InDepthNH.org and Manchester Ink Link co-publish Garry Rayno’s column Distant Dome about what goes on behind the scenes at the State House.
By GARRY RAYNO,
CONCORD – For the first time in 14 years, New Hampshire has a wholly Republican budget, crafted by the GOP-controlled Senate and House and the party’s first governor since 2004.
Although the House (not so much this year) and Senate do the heavy lifting on most budgets introduced by governors, usually about 75 to 80 percent of what is in it is exactly what the state’s chief executive and his budget staff propose.
It is the controversial issues that require the work.
Even in 2011 when the GOP held veto-proof majorities in the House and Senate and made major changes in the budget then-Gov. John Lynch submitted, most of his work remained unchanged.
The lawmakers that year slashed funding for higher education by half, eliminated some social service programs like Children in Need of Services and kept a good amount of the Medicaid Enhancement Tax collected on hospital services for the general fund instead of returning the proceeds to the hospitals after the money was used to match federal funds.
Those were significant changes to Lynch’s budget, but the nuts and bolts line items for most departments changed little if any by GOP budget writers that year.
So what’s the big deal about an all-Republican budget? For the first time in those 14 years, a Republican chief executive will be managing the state’s spending and not a Democrat.
While Republican-controlled legislatures revised budgets that were passed into law, Democratic governors had control over how the money is spent if it is spent at all.
Say for example, the GOP legislature wants to begin a new program to help businesses with overseas marketing, but the governor does not believe the program will do any good.
The executive branch takes its time to implement the program and never does hire anyone to run it and then the biennium is over and only a few hundred dollars is spent and not the $250,000 lawmakers intended.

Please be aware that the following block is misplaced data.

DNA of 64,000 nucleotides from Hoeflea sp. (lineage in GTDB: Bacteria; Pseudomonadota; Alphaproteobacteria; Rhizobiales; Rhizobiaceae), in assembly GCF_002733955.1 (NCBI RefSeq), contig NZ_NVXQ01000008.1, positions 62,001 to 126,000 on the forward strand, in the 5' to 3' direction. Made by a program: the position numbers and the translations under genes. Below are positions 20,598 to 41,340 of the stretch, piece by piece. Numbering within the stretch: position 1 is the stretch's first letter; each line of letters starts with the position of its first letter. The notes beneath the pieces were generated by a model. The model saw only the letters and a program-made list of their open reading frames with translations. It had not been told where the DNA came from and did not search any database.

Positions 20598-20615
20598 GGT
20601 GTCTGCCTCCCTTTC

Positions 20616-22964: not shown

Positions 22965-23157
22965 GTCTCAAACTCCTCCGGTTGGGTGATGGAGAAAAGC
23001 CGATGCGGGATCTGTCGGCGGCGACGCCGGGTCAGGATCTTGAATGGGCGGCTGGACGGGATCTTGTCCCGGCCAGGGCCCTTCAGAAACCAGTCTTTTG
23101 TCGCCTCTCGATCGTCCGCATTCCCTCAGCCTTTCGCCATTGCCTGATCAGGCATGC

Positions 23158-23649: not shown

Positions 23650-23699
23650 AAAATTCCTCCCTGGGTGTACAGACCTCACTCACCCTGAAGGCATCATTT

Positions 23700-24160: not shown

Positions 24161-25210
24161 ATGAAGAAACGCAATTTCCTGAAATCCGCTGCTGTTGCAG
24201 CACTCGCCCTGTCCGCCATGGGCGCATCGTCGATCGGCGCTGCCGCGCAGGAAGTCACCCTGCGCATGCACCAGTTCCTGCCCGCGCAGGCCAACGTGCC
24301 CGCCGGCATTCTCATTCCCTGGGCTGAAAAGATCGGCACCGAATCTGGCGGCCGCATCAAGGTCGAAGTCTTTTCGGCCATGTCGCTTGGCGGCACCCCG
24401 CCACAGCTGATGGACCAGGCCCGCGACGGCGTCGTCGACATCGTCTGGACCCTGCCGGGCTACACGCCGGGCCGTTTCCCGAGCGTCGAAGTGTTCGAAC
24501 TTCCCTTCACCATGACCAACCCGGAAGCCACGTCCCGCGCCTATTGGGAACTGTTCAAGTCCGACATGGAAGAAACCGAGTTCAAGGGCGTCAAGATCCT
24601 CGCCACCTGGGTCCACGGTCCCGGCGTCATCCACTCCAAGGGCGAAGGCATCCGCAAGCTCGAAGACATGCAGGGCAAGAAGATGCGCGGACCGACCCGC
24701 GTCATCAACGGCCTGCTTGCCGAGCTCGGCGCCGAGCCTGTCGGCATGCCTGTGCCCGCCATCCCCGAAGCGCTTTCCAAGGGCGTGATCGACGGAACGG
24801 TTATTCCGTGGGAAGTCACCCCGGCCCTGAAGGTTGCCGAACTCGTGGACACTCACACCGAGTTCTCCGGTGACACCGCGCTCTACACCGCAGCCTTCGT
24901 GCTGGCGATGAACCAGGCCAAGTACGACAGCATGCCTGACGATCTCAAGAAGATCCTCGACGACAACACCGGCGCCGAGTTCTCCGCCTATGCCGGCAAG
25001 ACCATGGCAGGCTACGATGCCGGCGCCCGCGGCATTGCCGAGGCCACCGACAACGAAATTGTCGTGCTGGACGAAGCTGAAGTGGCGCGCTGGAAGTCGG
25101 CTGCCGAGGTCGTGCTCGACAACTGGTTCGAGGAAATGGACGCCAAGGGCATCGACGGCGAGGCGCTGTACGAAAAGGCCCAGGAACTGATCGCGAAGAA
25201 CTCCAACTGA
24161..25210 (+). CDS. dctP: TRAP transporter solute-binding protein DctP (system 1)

The Democratically controlled executive branch also decides who wins contracts with the state and for how much, which can save money or go way over budget if the legislature grossly underfunded a program like it did Medicaid two years ago.
But lawmakers can also use their work on the budget to score political points against a governor from the opposing party.
Last year Republican lawmakers complained that then-Gov. Maggie Hassan was slow to roll out money they approved that spring to fight the state’s drug addiction crisis although many of the programs were not yet in place nor were there enough providers to do the work.
This $11.7 billion biennial budget approved this week by lawmakers is a big win for new Gov. Chris Sununu considering the House failed to approve a budget this spring proposed by its Finance Committee because 30 to 40 Republicans — mostly from the House Freedom Caucus — believed it spent too much money and joined Democrats, who believed it failed to fund essential services, to kill it.
The budget approved this week does have much of what the new governor wanted, full-day kindergarten, an overhaul of the Division of Children, Youth and Families, more money for the state’s mental health system, additional money for service providers, fighting the opioid addiction epidemic and using surplus money from this biennium’s budget for state and local highway projects and school building aid.
However, some of his priorities did not receive all the money he would have liked.
There are some things that make it a truly Republican budget like the rate decreases for the business profits and business enterprise taxes — not a priority of the state’s largest business organization the Business and Industry Association — eliminating the electric consumption tax, limiting business enterprise tax revenues to the education trust fund, adding a work requirement for expanded Medicaid recipients although it was shot down under the Obama administration, and pouring about $100 million in the state’s Rainy Day Fund.